Cold no problem for American buffalo; other farm animals need extra care

Farm animals aren’t immune to the cold, but some can handle it better than others.

The Jersey cows on Dave Linkhart’s farm near Xenia started growing their thick hide back in the fall. And his herd of American buffalo has 10 times the number of hairs per square inch compared to the cows.

“They’re acclimated to this. Especially the bison,” Linkhart said of the native species. “They don’t even come in. You’d give them a barn and they wouldn’t go into it.”

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Linkhart makes sure his herds are well fed through the winter because they need the extra calories to keep up their energy. He also constantly checks the water to make sure it isn’t frozen.

Some animals prefer to stay inside.

“Hogs don’t have that much hair, but as long as there are more than one of them, they’ll pile up to keep each other warm and they have a thick layer of fat on them, helps insulate their bodies as well,” Linkhart said.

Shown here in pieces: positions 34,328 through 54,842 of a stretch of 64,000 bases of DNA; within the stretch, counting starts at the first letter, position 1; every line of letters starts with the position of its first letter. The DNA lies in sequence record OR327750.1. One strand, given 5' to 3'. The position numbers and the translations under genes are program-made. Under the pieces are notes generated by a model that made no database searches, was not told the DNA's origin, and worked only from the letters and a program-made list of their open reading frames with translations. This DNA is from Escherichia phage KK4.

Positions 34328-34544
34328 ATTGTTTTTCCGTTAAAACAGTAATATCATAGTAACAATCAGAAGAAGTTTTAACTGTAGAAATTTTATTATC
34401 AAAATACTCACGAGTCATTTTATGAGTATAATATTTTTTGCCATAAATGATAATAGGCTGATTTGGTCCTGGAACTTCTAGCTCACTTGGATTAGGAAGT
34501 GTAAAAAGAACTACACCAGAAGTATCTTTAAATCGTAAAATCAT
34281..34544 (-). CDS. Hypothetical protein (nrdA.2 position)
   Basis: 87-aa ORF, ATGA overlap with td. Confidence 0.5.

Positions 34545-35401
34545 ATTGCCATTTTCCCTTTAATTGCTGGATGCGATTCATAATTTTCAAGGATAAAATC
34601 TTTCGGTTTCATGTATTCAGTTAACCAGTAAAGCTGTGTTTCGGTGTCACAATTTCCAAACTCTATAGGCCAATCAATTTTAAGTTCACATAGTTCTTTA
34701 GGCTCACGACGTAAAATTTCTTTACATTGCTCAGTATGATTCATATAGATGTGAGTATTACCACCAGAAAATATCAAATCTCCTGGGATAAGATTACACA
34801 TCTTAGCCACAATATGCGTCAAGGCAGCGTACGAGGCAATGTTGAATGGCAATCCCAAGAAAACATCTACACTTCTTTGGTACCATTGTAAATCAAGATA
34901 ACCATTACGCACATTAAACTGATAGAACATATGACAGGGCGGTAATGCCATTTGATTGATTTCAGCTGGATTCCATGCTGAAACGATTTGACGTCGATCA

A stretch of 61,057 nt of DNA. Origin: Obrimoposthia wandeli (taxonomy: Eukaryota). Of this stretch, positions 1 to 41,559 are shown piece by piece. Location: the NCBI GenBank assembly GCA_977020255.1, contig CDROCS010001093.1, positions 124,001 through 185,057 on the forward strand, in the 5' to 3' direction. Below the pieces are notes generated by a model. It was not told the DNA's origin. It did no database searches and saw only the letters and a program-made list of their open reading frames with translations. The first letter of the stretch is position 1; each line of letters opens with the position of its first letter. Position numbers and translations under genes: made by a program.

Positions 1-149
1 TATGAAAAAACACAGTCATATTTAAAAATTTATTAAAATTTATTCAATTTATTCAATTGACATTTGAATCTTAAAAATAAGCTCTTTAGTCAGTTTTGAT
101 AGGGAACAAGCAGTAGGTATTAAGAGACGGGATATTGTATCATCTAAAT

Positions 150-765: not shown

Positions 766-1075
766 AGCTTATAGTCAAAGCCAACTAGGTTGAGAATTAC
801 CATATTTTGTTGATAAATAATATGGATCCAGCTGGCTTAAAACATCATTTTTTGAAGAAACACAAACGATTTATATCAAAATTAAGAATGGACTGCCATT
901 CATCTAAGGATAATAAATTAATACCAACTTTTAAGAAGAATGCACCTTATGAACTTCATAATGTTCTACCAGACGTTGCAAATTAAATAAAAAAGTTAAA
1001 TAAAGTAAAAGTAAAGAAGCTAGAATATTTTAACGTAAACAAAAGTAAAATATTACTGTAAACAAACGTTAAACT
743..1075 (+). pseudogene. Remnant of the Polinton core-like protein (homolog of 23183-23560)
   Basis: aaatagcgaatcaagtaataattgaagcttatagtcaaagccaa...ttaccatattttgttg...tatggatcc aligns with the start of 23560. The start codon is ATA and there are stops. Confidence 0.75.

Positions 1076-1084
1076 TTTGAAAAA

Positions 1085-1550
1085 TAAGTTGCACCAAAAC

Enjoying an afternoon outdoors, many horses on area farms were wearing blankets, some quite colorful.

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Officials with the Ohio Department of Agriculture said how well animals do in the winter depends a lot on how acclimated they are to Ohio winters. For example, horses born here are used to them, but horses brought in from warmer climates may  need some extra care.

Many local farm families, including Linkhart’s, have been taking care of animals for generations and know their livestock well.

“Again, it’s primarily important, you give them a place to get out of the weather and plenty of feed and water,” he said.

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